So how does allocation affect associated risks and, more importantly, the performance of said funds? The following tables will give you a sense of just that:
Dynamic Equity Allocation Fund Performance
Hybrid Equity Oriented Funds Performance
(Source: Morningstar, 4th Dec 2017)
As you can see, the average performance for both three-year and year-to-date periods has been higher for hybrid equity-oriented funds.
Standard deviation is another critical factor that should be considered. It is simply the volatility of the fund’s returns in relation to its returns. It indicates how much returns can deviate from the historical mean return of the fund. For example, if a fund has an average rate of return of 10% with a standard deviation of 3%, then its return can theoretically range from 7% – 13%. Ideally, the lower the volatility, the more the fund is preferred.
|Dynamic Allocation Fund||3 Yr Std Dev||Hybrid Equity Oriented Fund||3 Yr Std Dev|
|Franklin India Dynamic PE Ratio Fund Of Funds Growth||6.66||Aditya Birla Sun Life 95 Balanced Fund Growth||10.16|
|HDFC Dynamic PE Ratio Fund of Funds- Plan A Growth||11.98||Franklin India Balanced Fund Growth||8.92|
|IDFC Dynamic Equity Regular Growth||5.78||ICICI Prudential Balanced Advantage Fund Growth||8.25|
|DSP BlackRock Dynamic Asset Allocation Fund Regular Growth||6.15||HDFC Balanced Fund Growth||10.14|
|Kotak Asset Allocator Fund Growth||5.87||Tata Balanced Fund Regular Growth||10.63|
(Source: Morningstar, Dec 4th, 2017)
As the table indicates, dynamic equity allocation funds have a lower standard deviation and hence a lower volatility.
So the million dollar question is, does the lower volatility justify the lower return? The returns in the dynamic allocation fund category range from 6 to 9% whilst the returns in the hybrid equity allocation fund category range from 8.5 to 11%.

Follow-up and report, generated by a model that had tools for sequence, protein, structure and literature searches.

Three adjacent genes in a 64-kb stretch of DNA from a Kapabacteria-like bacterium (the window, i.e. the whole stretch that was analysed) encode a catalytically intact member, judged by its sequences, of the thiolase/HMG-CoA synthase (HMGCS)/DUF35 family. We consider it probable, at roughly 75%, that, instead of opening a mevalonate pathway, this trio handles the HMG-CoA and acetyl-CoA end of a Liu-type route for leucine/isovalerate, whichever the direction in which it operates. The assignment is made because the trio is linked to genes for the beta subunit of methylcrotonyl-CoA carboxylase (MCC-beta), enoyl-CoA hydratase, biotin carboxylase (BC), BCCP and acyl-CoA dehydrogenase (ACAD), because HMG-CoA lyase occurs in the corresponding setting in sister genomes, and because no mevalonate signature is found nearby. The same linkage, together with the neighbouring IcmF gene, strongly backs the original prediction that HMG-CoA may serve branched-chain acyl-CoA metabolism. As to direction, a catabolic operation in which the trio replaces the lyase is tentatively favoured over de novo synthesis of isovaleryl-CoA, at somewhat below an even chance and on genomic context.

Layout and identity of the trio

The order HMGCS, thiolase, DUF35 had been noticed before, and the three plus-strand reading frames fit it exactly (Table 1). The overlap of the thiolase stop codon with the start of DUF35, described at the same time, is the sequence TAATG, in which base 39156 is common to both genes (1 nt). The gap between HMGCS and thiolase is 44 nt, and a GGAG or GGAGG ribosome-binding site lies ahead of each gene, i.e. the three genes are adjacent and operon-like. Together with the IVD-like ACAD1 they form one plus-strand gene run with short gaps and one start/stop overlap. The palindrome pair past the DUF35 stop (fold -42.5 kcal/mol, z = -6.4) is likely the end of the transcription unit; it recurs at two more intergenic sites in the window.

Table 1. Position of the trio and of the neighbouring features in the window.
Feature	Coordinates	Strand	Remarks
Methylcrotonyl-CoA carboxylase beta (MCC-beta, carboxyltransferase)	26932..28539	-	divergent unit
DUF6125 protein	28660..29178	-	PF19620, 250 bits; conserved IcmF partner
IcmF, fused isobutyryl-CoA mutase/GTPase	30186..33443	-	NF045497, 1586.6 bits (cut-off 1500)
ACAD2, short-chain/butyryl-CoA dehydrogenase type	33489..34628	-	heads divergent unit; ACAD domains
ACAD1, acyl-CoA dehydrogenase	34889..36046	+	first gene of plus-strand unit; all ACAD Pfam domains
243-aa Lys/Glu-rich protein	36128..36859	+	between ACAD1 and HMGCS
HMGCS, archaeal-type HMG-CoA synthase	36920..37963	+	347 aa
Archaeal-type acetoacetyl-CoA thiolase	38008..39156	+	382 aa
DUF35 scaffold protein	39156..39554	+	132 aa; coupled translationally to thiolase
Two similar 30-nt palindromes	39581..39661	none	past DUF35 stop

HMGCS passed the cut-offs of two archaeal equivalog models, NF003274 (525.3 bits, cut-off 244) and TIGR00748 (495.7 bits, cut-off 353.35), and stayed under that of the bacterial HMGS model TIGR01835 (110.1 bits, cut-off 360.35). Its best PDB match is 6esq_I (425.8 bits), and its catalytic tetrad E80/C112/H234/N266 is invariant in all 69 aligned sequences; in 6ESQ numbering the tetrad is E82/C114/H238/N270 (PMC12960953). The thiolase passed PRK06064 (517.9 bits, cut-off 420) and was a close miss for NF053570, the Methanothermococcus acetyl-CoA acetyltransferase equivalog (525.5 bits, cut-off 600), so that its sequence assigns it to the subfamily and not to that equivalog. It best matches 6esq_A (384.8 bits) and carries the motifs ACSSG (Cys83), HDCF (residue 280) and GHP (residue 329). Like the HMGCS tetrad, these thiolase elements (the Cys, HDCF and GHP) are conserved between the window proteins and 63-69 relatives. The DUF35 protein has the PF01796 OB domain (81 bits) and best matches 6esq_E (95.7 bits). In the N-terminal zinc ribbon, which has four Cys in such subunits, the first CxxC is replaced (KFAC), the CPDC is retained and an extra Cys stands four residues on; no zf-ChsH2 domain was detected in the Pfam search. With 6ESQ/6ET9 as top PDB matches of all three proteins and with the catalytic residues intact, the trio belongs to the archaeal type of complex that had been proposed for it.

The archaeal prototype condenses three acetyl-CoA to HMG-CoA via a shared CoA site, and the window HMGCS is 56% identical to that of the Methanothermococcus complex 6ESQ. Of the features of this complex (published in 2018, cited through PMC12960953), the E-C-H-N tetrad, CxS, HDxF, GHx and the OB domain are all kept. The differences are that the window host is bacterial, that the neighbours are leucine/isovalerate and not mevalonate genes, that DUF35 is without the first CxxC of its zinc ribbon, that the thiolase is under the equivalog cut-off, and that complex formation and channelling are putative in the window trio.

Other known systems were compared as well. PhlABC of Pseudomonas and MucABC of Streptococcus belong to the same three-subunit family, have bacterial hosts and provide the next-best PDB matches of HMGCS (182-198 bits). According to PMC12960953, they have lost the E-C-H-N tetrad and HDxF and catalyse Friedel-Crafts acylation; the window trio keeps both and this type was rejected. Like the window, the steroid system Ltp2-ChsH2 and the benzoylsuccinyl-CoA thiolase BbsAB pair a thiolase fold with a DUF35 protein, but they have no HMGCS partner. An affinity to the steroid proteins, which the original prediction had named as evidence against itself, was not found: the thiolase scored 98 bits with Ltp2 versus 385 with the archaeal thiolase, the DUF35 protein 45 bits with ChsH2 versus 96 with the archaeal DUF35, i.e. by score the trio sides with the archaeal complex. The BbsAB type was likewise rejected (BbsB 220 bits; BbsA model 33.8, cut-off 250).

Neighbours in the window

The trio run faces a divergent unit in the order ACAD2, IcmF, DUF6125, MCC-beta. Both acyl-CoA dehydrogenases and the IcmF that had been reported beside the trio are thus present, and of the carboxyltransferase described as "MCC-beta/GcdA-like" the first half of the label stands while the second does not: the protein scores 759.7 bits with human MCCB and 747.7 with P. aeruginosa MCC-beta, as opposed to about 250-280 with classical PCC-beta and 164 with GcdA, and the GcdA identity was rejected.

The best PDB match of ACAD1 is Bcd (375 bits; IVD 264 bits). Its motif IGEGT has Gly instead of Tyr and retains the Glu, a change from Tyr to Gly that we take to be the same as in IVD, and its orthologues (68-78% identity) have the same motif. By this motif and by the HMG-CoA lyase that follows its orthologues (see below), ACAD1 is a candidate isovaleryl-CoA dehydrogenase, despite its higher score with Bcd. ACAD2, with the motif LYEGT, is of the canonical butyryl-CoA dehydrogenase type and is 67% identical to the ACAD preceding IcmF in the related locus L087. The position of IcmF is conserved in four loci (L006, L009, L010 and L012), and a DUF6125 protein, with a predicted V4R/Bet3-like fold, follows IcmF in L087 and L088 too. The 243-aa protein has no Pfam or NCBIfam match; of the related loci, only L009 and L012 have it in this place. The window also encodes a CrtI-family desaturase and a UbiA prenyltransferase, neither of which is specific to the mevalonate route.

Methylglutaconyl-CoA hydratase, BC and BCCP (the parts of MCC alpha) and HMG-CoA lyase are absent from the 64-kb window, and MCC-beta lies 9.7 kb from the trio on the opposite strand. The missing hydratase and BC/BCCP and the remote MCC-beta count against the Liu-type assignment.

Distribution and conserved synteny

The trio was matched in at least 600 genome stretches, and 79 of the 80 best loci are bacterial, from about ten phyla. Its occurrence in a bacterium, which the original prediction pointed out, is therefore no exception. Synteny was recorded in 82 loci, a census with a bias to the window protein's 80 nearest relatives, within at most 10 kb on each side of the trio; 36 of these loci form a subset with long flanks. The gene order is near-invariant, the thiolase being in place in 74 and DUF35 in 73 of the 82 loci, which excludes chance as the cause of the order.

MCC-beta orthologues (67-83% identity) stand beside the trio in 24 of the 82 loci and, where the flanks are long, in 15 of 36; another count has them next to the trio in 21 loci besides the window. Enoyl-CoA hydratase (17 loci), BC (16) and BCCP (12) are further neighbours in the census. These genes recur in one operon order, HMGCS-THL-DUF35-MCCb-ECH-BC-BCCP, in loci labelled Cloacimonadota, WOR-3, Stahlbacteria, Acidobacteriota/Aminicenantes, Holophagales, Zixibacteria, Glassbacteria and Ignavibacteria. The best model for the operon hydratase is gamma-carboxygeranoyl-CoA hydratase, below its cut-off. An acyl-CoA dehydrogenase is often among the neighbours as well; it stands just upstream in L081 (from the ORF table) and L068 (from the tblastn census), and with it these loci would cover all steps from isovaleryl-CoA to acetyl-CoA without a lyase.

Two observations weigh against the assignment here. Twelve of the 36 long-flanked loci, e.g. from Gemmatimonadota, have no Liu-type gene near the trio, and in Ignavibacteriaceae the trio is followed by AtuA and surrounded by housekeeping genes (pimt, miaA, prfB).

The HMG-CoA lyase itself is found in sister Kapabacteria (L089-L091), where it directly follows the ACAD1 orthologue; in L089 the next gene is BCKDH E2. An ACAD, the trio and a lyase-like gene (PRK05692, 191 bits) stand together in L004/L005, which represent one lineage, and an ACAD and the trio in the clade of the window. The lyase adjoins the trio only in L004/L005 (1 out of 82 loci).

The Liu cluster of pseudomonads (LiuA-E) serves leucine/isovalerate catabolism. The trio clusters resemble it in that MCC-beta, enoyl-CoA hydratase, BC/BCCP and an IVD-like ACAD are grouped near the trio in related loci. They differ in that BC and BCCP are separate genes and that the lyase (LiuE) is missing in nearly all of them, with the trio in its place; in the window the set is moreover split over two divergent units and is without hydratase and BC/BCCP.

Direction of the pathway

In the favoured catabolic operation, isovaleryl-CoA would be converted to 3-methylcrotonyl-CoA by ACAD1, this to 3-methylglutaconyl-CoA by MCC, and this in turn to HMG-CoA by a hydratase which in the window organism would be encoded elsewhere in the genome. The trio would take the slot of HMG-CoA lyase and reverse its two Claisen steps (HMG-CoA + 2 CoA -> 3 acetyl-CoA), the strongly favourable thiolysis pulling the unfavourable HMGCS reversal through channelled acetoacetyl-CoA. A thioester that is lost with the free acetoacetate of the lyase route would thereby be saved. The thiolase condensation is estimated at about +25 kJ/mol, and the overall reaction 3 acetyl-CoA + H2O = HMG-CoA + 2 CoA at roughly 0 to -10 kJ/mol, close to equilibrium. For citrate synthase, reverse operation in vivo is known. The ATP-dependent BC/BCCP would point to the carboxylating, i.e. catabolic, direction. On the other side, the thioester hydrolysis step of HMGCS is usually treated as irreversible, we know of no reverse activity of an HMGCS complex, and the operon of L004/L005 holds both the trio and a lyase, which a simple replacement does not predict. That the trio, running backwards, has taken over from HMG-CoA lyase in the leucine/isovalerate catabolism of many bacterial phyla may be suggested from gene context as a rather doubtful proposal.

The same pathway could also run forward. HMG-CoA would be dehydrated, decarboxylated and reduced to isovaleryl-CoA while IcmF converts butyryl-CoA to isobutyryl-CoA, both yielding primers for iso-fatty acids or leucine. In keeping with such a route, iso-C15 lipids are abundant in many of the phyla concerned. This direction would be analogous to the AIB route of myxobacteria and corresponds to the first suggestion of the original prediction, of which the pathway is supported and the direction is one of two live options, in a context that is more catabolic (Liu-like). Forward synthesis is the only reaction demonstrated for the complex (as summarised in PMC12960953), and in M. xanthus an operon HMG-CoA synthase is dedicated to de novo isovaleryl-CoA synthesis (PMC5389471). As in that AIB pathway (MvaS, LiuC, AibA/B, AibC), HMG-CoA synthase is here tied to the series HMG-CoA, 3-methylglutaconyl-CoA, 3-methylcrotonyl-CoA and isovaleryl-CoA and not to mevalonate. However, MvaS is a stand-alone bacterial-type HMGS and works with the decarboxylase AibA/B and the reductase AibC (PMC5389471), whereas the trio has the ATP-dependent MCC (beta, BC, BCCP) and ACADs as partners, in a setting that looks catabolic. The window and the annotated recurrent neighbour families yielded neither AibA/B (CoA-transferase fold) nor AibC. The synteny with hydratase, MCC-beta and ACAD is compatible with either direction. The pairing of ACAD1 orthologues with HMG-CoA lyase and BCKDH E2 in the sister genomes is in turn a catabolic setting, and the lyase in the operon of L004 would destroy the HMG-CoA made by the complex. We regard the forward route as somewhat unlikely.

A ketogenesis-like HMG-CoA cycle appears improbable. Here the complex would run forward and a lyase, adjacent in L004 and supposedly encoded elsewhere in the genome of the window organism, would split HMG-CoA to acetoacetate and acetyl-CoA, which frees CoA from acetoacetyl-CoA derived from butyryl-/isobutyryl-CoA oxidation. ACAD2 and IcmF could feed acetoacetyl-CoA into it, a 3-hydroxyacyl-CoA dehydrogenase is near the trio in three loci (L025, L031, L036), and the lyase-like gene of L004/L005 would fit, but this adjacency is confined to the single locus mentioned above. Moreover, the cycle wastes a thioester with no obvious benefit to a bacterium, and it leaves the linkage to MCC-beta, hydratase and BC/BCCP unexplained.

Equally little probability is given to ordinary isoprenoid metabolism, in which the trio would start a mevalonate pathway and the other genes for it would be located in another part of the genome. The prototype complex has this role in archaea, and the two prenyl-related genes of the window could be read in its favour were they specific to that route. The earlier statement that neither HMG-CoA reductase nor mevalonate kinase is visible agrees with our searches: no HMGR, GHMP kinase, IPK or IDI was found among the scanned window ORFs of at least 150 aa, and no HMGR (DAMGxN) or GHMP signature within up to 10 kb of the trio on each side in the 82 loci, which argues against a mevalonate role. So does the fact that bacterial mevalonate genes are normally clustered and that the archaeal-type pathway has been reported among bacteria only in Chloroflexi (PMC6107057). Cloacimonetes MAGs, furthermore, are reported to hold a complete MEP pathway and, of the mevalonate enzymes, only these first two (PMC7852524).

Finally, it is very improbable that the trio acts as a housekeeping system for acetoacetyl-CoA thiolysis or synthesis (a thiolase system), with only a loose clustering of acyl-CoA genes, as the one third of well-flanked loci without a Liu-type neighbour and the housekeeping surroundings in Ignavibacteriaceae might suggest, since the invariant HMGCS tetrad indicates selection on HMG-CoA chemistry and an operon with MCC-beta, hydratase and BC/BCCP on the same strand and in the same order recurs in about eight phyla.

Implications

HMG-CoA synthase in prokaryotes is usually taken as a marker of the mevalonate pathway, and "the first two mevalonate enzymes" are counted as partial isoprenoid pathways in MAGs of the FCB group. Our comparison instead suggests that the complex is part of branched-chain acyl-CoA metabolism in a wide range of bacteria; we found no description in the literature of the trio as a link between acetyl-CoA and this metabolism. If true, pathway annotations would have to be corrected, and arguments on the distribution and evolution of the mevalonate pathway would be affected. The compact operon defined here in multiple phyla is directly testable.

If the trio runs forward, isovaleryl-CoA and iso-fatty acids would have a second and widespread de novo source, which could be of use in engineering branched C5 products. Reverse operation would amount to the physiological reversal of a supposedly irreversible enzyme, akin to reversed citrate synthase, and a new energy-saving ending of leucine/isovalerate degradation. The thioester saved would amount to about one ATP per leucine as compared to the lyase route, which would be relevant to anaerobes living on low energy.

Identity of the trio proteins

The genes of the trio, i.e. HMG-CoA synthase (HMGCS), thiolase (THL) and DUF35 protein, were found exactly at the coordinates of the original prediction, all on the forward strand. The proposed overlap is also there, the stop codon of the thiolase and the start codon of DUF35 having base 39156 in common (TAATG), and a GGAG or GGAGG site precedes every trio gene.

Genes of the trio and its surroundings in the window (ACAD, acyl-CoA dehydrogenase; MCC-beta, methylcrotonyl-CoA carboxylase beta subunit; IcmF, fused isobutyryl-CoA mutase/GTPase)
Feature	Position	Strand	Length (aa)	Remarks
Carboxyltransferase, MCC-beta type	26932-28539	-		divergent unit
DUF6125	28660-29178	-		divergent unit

On the flip side, the average volatility in the hybrid equity oriented category is also higher by 2%. So is this trade-off a fair one?
The answer to this question largely depends on you. If you can stomach a higher volatility of 2% for a higher return of about 2%, hybrid equity oriented allocation funds are the smarter choice. If not, look at dynamic asset allocation funds. A key element of stomaching the volatility is the willingness to stay invested through sunshine and rain, for sufficiently long periods of time (at least three years, as the date above shows). This is easier said than done and you must carefully evaluate whether you can do this.
Another major difference between these categories is taxation. Hybrid equity oriented funds are classed as equity funds for tax purposes and hence face a short-term capital gains tax of 15% (if sold in less than one year) and nil long-term capital gains tax (for holding more than one year).
Dynamic equity allocation funds are typically classified as debt funds. As a result, their short-term capital gains tax rate is as per your slab (which could be as high as 30%) and the long-term capital gain tax rate is 20% with the benefit of indexation.
So which is the right type for you? We hope you’re now in a better position to decide.